— By SALLY SEXTON
Weatherford native Ryan Rafols spent four years fighting for his country as part of the U.S. Army.
Now as a student at the University of Texas at Austin, Rafols has taken it upon himself to fight for his fellow veterans as well as the community of Austin through two ways.
While in the Army, Rafols worked as a missile defense engineer, learning to operate military defense systems, calculating targets and maintaining computer systems.
But when he returned stateside, Rafols found out that the skills he had learned in the Army wouldn’t transfer as college credits.
“I wasn’t a big fan of the bills proposed this (Legislative) session to limit the Hazlewood Act, and any kind of limit to a veteran’s education is kind of ridiculous,” Rafols said.
After the issue gained attention, Sen. Leticia Van de Putte, from San Antonio, filed and passed legislation that created the College Credit for Heroes pilot program in 2011. The program helps veterans get college credit for their military service.
Rafols and others spent considerable time lobbying for the program, which was sponsored by Gov. Rick Perry and other political figures and was expected to be voted on during this year’s legislative session but never reached the full House for consideration.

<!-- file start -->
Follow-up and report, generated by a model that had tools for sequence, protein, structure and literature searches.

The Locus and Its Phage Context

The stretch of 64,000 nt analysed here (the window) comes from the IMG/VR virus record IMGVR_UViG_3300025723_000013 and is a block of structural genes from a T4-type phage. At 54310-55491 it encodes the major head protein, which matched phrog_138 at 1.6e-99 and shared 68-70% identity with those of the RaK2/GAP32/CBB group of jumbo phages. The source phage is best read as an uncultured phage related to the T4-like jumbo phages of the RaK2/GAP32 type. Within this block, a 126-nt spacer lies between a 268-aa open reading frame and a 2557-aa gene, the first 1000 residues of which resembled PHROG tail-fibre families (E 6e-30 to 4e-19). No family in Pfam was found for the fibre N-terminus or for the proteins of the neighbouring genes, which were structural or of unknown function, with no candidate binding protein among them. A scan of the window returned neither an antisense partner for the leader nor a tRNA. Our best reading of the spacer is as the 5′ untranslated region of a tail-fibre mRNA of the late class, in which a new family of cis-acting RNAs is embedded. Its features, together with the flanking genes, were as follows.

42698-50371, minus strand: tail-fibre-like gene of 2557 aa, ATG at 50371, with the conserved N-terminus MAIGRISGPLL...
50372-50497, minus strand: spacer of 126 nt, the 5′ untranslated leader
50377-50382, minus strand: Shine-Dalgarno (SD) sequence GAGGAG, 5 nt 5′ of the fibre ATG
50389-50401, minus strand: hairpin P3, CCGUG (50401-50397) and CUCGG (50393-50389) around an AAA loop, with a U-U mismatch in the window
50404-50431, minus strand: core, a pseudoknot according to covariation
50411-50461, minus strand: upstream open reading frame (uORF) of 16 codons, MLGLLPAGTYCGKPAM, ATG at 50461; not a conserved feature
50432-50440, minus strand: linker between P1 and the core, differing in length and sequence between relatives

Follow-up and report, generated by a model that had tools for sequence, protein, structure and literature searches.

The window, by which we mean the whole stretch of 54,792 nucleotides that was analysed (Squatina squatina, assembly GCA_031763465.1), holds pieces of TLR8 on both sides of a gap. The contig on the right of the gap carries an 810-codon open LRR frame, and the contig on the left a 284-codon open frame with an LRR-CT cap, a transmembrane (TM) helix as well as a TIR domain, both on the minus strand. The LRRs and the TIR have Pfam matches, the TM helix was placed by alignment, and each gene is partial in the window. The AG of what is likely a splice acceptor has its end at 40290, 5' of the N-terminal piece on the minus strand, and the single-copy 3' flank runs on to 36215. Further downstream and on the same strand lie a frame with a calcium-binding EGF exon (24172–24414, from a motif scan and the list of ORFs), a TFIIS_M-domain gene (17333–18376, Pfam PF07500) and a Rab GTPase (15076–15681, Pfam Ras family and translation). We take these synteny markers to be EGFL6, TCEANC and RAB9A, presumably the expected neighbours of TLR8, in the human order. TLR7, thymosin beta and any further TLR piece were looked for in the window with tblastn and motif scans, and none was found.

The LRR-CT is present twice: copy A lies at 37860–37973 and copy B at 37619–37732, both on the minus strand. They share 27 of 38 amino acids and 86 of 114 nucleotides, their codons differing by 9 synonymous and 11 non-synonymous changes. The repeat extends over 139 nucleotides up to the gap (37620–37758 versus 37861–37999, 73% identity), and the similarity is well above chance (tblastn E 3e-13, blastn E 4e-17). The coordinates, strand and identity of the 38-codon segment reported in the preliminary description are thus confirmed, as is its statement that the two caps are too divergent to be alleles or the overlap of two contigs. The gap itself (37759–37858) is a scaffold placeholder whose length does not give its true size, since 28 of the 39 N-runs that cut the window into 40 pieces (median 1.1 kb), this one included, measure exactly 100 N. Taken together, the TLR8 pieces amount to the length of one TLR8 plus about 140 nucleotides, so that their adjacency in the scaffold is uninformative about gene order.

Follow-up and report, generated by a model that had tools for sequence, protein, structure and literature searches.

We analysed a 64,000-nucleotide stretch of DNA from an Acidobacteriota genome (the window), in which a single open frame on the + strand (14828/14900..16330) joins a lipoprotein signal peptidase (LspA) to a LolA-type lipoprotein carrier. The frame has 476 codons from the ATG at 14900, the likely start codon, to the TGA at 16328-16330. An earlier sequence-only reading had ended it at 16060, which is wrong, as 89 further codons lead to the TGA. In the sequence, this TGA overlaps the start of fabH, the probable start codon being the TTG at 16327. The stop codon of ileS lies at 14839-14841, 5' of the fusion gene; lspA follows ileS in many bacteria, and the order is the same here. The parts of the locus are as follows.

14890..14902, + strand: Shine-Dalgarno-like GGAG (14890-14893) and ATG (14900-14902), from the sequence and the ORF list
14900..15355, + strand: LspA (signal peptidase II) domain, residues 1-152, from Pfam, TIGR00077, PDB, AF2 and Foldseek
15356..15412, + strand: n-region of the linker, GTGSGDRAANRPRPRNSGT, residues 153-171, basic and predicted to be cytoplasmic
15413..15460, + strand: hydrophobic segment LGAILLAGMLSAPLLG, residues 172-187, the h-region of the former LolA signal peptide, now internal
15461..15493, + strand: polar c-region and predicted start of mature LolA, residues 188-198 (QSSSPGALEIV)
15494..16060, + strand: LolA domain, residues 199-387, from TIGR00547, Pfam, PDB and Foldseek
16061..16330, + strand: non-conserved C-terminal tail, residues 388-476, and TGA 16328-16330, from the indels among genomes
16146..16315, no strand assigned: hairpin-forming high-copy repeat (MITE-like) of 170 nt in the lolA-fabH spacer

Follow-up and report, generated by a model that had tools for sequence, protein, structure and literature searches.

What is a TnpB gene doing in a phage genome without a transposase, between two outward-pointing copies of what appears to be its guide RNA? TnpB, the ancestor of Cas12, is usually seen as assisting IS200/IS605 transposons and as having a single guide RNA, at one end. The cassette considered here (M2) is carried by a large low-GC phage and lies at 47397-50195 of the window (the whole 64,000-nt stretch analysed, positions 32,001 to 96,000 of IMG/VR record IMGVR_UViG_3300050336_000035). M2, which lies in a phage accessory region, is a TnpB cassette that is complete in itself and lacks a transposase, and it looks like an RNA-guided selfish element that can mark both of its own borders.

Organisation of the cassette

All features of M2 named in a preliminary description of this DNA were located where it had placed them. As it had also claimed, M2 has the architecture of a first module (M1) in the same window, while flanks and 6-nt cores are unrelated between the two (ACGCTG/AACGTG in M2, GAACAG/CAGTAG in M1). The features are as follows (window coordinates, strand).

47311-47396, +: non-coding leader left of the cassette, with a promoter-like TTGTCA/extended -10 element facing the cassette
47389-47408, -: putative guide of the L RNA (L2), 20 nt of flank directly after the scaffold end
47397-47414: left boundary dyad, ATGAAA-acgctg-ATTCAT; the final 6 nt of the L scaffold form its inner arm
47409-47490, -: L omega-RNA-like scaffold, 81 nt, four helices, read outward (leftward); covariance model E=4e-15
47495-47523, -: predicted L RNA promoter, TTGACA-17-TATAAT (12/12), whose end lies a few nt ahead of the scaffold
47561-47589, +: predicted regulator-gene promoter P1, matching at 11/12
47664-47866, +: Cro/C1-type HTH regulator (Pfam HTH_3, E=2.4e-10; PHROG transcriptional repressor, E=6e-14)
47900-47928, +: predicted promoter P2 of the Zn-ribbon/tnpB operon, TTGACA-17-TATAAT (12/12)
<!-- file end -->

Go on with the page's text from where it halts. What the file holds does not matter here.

“It’s on a hiatus right now, but it’s not going to get cut,” Rafols said of the pilot program. “But if we can make this a permanent program, then it will garner more respect from other colleges and universities.”
Rafols said there are currently only seven colleges that accept credit from the program. Six more partner colleges have also been awarded grants for the program.
“How the process works (for a veteran) is you get interviewed, they talk with you about credits, get more information on your skills and educational background and help you get the credits you should be awarded with based on your background,” Rafols said. “But most colleges don’t accept that readily because it’s really hard to verify beyond the military transcript.”
Funding for the program will continue through the Texas Workforce Commission, which spent $1.5 million in federal grants to the additional six schools.
As a UT/Austin Community College student, Rafols has also used his military background and experience to become the lone student to serve on Austin’s Independent Citizens Redistricting Commission. The commission, made up of diverse community members, is responsible for splitting the city up into voting districts for the November 2014 city council elections.
The citizens of Austin by majority voted for the amendment to the Austin City Charter on the ballot of the last election to create a commission to create 10 fair single member districts rather than the city council.
“Instead of letting city council and the politicians decide (the districts), the citizens voted to create the Independent Redistricting Commission,” Rafols said.
Rafols was chosen to represent students as well as veterans, for the 10-year appointment, and was sworn in in June to the 14-member commission.